Women who experience sleep apnea during pregnancy may face an increased of risk of health problems, for both themselves and their newborns, a new study suggests.
In the study, babies born to women with obstructive sleep apnea were more likely to be admitted to the neonatal intensive care unit than babies born to women without the condition. All of the women in the study were obese.
In addition, the women with sleep apnea were more likely to develop preeclampsia, a condition of high blood pressure during pregnancy, and to deliver their babies by cesarean section.
Pregnancy complications linked to obesity — such as high blood pressure and gestational diabetes — are better understood than sleep apnea, which is an understudied and under-diagnosed condition in pregnant women, the researchers said.
There is a need for better ways to screen and treat sleep apnea in pregnancy, said study researcher Dr. Judette Louis, an assistant professor of obstetrics and gynecology at the University of South Florida.
People with sleep apnea experience pauses in their breathing during sleep. With obstructive sleep apnea, the pauses are due to a blocked airway. Obesity increases the risk for obstructive sleep apnea because the extra fat tissue can narrow in the inside of the windpipe, according to the National Heart and Blood Institute.
In the new study, the researchers analyzed information from 175 obese pregnant women who were tested for obstructive sleep apnea at home using a portable device.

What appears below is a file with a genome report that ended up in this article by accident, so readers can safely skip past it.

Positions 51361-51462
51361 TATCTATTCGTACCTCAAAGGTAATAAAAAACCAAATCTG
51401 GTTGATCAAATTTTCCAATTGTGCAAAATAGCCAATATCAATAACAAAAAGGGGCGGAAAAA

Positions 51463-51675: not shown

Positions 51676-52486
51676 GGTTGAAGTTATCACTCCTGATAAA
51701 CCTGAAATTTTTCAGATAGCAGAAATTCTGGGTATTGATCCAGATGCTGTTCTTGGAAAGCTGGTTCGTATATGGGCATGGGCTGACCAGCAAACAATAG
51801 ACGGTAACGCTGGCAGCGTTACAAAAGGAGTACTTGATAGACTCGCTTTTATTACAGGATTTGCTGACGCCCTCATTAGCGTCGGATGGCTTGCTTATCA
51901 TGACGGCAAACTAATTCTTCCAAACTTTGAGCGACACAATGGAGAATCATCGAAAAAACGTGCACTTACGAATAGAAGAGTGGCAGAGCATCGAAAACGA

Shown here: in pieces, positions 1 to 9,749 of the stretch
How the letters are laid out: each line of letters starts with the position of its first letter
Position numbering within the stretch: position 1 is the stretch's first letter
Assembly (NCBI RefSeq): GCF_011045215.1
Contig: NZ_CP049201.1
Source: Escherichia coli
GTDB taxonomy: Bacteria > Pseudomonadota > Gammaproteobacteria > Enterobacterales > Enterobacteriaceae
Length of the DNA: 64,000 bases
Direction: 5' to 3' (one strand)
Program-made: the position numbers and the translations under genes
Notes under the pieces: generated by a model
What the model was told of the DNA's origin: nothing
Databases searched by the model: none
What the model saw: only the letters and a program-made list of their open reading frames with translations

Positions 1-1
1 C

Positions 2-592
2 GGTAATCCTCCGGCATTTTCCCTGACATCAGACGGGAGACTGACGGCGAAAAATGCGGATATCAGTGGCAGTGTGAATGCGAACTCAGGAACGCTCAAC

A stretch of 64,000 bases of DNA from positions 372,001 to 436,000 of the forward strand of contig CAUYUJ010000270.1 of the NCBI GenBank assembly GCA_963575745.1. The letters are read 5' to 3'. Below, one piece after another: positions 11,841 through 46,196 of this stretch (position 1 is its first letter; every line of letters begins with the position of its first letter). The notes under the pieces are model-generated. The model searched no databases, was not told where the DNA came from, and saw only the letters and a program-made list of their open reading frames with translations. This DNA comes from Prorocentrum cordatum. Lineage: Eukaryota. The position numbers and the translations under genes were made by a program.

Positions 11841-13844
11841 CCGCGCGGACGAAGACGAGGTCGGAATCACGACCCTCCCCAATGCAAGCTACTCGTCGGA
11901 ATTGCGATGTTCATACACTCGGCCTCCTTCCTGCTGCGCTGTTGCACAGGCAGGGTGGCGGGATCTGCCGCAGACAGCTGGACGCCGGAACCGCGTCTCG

About 15 percent of participants had obstructive sleep apnea. Those with sleep apnea were more likely to be heavier, and have chronic high blood pressure than those without sleep apnea.
Among those with sleep apnea, about 65 percent required a C-section, while 33 percent of those without the condition required the surgery. Additionally, 42 percent of those with sleep apnea had preeclampsia, compared with 17 percent of those without sleep apnea. The rate of premature births was similar between the groups.
The percentage of newborns requiring admission to the NICU was 46 percent for mothers with sleep apnea, compared with 18 percent for those without sleep apnea. Many of these admissions were due to breathing problems.
The higher rate of NICU admissions for infants born to mothers with sleep apnea may be due to the higher rate of C-sections in this group, the researchers said.
The best way to reduce the risks that come with obesity-related sleep apnea would be to treat obesity before a woman becomes pregnant, although losing weight is often difficult, the researchers said.
Because the study only included obese women, it's not clear whether sleep apnea could have the same effects in women who are not obese.
The study was published online Sept. 20 in the journal Obstetrics & Gynecology.
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